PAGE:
". . . But the past does not exist independently from the present. Indeed, the past is only past because there is a present, just as I can point to something over there only because I am here. But nothing is inherently over there or here. In that sense, the past has no content. The past -- or more accurately, pastness -- is a position. Thus, in no way can we identify the past as past." p. 15

". . . But we may want to keep in mind that deeds and words are not as distinguishable as often we presume. History does not belong only to its narrators, professional or amateur. While some of us debate what history is or was, others take it into their own hands." p. 153

Silencing the Past: Power and the Production of History (1995) by Michel-Rolph Trouillot

Tuesday, April 20, 2010

Vaquero And Houston

He got home fairly late last night.  From his high spirits one might have been pardoned for thinking that he flew all the way back home without the assistance of a plane.  He had the most marvelous time, playing, lecturing, performing, being interviewed for radio and newspapers, reading and signing.  He sold all of the books he brought with him, the bookstore sold more and he sold Postmamboist tee shirts.

He hung out with so many of his favorite musician amigos, and he was taken care of very well.  The festival assigned a lot of the acts a 'caretaker,' a young local volunteer who drove you around, guided and carried, and was just generally as helpful as the caretaker could be.  The best thing about them, V. said, is that these volunteers were so clearly have a wonderful time doing what they were doing.  His volunteer was named Grady, and was in heaven, as one night he listened to V., Brian Lynch, Yunior and Yosvani, discuss straight time vs. swing time.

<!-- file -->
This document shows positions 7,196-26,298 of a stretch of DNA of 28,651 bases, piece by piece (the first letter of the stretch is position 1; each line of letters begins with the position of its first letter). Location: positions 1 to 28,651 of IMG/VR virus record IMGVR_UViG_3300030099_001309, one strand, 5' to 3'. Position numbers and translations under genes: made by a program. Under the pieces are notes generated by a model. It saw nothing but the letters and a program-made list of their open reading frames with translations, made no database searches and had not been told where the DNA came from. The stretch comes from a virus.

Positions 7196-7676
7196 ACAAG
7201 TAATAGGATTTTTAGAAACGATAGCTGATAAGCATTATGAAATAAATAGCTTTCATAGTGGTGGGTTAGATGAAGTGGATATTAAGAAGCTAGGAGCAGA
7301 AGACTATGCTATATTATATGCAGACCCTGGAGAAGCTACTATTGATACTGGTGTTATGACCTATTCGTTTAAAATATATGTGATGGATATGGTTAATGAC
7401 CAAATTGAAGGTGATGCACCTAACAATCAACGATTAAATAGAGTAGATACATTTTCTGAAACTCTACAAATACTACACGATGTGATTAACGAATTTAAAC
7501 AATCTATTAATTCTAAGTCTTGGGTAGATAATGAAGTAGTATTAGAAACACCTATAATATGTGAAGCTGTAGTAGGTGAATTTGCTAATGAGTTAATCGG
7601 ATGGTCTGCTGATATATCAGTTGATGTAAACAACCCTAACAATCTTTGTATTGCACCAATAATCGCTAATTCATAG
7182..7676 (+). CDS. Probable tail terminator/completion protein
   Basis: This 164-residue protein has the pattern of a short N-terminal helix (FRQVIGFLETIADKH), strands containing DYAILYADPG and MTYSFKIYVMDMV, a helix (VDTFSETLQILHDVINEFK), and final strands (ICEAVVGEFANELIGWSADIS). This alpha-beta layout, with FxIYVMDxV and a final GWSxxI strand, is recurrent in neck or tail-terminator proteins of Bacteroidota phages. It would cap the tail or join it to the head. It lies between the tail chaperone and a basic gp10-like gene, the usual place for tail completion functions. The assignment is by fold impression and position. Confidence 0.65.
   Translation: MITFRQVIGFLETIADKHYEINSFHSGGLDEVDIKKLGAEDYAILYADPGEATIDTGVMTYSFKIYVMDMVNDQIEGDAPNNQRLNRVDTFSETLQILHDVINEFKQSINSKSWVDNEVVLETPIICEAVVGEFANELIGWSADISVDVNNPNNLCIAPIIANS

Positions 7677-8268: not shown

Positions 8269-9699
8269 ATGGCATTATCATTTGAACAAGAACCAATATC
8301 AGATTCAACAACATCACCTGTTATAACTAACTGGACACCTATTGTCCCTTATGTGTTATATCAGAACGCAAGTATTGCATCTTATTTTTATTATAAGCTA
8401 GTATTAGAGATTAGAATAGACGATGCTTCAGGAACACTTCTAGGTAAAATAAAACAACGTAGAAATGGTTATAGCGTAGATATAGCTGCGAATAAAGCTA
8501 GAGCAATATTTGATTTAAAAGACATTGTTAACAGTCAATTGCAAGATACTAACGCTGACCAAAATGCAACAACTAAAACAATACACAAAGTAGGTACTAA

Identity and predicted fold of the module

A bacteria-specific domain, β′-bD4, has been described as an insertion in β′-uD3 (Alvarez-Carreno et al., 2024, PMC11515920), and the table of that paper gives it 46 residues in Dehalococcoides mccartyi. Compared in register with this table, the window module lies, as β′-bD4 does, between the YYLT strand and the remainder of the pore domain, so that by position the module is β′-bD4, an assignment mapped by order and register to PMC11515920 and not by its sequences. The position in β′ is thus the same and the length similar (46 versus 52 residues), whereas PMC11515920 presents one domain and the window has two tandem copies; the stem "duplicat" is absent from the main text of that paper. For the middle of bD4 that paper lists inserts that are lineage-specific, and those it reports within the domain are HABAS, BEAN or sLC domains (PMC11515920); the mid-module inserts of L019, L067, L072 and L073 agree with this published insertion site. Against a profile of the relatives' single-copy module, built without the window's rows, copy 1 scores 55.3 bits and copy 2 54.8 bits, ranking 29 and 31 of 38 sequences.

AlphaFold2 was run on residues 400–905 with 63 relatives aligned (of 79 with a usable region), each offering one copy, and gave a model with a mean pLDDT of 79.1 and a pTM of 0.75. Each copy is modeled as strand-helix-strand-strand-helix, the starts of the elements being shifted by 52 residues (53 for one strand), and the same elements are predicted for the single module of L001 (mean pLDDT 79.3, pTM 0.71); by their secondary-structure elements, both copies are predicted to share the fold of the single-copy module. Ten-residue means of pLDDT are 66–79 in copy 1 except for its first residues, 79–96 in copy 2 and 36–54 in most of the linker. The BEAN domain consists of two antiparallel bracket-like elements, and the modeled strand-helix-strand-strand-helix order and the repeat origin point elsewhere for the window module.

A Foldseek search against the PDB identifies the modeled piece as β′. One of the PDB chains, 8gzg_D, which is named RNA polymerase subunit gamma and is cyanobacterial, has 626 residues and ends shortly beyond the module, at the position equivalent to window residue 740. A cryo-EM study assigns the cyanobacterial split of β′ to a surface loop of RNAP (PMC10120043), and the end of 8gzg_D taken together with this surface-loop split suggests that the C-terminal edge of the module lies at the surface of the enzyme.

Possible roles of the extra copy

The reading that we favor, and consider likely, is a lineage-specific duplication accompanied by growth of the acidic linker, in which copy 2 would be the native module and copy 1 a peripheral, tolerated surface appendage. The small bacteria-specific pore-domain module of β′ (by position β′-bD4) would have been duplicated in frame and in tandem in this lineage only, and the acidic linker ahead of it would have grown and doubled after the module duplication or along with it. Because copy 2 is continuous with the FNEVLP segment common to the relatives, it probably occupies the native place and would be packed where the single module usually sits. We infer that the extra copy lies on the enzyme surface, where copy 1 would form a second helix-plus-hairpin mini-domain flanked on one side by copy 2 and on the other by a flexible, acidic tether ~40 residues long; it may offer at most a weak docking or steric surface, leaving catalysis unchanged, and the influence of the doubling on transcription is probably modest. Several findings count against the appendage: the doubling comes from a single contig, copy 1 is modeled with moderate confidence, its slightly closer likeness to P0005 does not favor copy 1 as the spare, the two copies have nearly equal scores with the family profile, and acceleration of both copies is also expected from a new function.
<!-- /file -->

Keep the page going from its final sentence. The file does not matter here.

He hung out with Eddi Palmieri a whole lot all weekend too.  He has only one regret -- he didn't get to Joe Ely's show, which was playing on the other side of the festival while V was on stage with Brave Combo, performing "Cowboys Are Frequently, Secretly."

Vaquero also got a new summer straw cowboy hat.

All in all it was his idea of heaven.  A musician's heaven.


K. said...

Joe never became the next Springsteen, as was forecast, but he sure has made an awful lot of outstanding music through the years; he's managed to expand a signature sound without losing his identity. It's a shame that Ely's one ill-conceived album (Hi Res) was meant to be his breakthrough.

I lived in Austin then, and like the rest of the music-loving community, awaited it eagerly. I knew it was a misfire from the first listen.

Personal Note: I bought my first house from the producer of Hi Res not long before it came out. A good guy, but nervous as a cat waiting for its release.

K. said...

By "misfire," I mean that I knew immediately that the album was a nonstarter commercially.

Foxessa said...

This was about the time the music biz -- music radio -- began eating itself -- deconstructing, determined to niche -- helped so much by the communications de-regulation movement.

MTV helped, of course, and MTV was emphatically not interested in Joe Ely and those kinds of acts. Too old, too not edgy, too not Talking Heads, etc.

High Res was supposed to have taken all that on and beaten 'em at their own game. It was a good idea in a lot of ways. But perhaps the true heart wasn't in it? For one thing, maybe you've also noticed, Joe's never moved beyond that embarrassing depiction of 'mexican' women in his songs -- and he had another one of those on the album.

Love, C.